If the Republican Party continues to take the view that there must be no tax increases, we’re stuck. Capitalism can’t work without safety nets or fiscal prudence, and we need both in a sustainable balance.
Within both education and health care, we need grand bargains that better allocate resources between remediation and prevention. In both health and education, we spend more than anyone else in the world — without better outcomes. We waste too much money treating people for preventable diseases and reteaching students in college what they should have learned in high school. Modern capitalism requires skilled workers and workers with portable health care that allows them to move for any job.
We can’t have any of these bargains, though, without a more informed public debate. The “big thing that’s missing” in U.S. politics today, Bill Gates said to me in a recent interview, “is this technocratic understanding of the facts and where things are working and where they’re not working,” so the debate can be driven by data, not ideology.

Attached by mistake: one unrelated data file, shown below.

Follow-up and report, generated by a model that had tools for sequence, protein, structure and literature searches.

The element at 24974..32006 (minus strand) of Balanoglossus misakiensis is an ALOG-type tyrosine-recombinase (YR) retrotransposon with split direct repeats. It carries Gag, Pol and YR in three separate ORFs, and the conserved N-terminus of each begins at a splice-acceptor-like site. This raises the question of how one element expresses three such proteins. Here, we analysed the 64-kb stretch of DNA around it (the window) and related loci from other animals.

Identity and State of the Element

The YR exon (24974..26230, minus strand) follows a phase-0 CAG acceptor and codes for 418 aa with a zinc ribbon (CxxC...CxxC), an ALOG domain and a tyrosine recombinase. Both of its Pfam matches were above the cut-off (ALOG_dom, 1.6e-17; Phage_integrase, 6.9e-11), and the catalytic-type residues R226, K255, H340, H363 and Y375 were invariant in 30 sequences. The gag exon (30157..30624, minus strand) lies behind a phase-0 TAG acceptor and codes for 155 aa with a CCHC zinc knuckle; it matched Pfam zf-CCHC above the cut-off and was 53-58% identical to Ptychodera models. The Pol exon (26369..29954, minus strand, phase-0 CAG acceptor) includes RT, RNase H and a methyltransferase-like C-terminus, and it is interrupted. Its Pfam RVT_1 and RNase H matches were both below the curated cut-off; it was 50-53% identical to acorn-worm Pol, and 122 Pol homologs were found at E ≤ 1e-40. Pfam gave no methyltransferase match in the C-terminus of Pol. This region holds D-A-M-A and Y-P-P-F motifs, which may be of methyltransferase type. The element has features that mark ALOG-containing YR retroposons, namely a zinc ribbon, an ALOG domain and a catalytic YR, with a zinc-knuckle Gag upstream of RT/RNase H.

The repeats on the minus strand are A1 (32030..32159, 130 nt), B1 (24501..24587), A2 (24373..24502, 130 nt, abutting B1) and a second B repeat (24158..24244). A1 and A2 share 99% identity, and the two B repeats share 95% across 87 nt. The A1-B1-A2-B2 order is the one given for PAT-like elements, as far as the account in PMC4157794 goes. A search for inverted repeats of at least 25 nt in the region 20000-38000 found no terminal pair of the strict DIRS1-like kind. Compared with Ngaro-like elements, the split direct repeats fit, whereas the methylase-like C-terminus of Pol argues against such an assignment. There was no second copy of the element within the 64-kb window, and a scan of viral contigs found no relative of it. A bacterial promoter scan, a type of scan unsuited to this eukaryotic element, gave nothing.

Capitalism and political systems — like companies — must constantly evolve to stay vital. People are watching how we evolve and whether our version of democratic capitalism can continue to thrive. A lot is at stake here. But if “we continue to treat politics as a reality show played for cheap theatrics,” argues Rothkopf, “we increase the likelihood that the next chapter in the ongoing story of capitalism is going to be written somewhere else.”
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